BIRMINGHAM, Ala. – University of Alabama at Birmingham (UAB) biology graduate student Andrew Coleman has been awarded a highly competitive 2011 John A. Knauss Marine Policy Fellowship. The Mississippi-Alabama Sea Grant Consortium endorsed his application for the fellowship, which is sponsored by the National Oceanic and Atmospheric Administration’s (NOAA) National Sea Grant College Program.
Coleman is a Ph.D. candidate in the UAB Department of Biology. The native of Greenville has spent the last five years researching the Alabama Diamondback Terrapin turtle, its survival status and conservation efforts aimed at sustaining the species. Coleman’s dissertation investigation, which will be completed in the fall of 2010, is thought to be the first study of its kind into terrapins native to Alabama.
“This is a special honor for me and for UAB,” Coleman says. “After five years of field research, I look forward to the opportunity to better understand environmental public policy, how it is formed and how scientists and policy makers interact in the process.”
The Knauss Fellowship places graduate students with extensive field-research experience in positions with the federal agencies that establish and enforce national policies affecting the natural resources connected to the country’s oceans, coastal regions and Great Lakes.
Coleman is one of only 10 nationwide Knauss Legislative Fellows. He will be matched with a legislative subcommittee dealing with the environment or placed in a Congressional office to work on environmental policy issues for a full year starting in February 2011. Another 39 nationwide Knauss Executive Fellows will be placed with government agencies in the executive branch of the federal government.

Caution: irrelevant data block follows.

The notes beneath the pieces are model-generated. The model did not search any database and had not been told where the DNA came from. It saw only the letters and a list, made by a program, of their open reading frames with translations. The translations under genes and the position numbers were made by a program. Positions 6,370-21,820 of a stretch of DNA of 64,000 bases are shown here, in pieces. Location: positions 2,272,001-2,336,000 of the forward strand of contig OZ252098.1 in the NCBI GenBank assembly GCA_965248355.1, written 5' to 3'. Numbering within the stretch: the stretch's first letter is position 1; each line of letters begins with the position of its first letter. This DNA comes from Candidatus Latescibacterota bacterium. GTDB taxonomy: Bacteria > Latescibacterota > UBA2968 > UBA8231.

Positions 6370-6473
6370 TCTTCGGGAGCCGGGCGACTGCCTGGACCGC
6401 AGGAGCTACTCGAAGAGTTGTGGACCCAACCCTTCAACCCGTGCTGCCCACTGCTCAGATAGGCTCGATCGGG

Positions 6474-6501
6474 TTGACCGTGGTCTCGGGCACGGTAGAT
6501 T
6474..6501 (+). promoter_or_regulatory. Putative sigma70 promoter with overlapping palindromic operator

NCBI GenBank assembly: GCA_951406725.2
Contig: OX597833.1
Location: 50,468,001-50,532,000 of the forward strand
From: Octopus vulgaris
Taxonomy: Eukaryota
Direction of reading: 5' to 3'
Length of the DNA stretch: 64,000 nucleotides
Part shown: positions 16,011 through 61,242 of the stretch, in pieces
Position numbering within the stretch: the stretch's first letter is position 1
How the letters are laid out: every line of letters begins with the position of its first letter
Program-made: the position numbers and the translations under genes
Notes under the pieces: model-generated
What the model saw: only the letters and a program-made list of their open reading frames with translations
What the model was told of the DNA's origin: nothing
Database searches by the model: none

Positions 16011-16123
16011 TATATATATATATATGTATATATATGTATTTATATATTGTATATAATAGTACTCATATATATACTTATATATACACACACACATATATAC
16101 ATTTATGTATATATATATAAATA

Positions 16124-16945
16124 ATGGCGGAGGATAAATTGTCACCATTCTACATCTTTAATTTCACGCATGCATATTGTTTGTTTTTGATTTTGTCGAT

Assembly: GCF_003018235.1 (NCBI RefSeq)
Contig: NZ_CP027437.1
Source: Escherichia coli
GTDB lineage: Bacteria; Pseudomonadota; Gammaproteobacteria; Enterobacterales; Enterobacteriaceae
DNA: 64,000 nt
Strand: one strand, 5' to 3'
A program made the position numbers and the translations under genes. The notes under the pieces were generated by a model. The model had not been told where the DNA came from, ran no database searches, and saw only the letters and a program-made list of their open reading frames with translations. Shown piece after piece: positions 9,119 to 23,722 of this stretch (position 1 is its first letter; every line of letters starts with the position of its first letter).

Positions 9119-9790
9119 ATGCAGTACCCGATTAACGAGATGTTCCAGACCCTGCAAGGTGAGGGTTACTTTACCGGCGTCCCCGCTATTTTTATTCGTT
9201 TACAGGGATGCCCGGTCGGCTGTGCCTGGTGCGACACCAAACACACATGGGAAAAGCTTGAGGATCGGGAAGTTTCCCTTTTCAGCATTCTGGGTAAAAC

The Knauss fellows represent the country’s 29 regional Sea Grant offices. Coleman is the only fellowship recipient from the Mississippi-Alabama Sea Grant Consortium region.
Coleman credits his faculty mentors, Thane Wibbels, Ph.D., and Ken Marion, Ph.D., for helping him build the strong research resume that secured the Knauss Fellowship. Coleman will be formally matched with a legislative office for his fellowship service during a week-long placement event in November.
About the UAB Department of Biology
The UAB Department of Biology is a dynamic academic partnership that provides a broad-based graduate and undergraduate education led by teacher scholars with specialties in comparative biochemistry, physiology and eco-physiology of aquatic organisms and microbiology. It is housed in the UAB College of Arts and Sciences, home to academic disciplines that include the arts, humanities, sciences and the School of Education.
Story and photo courtesy of UAB.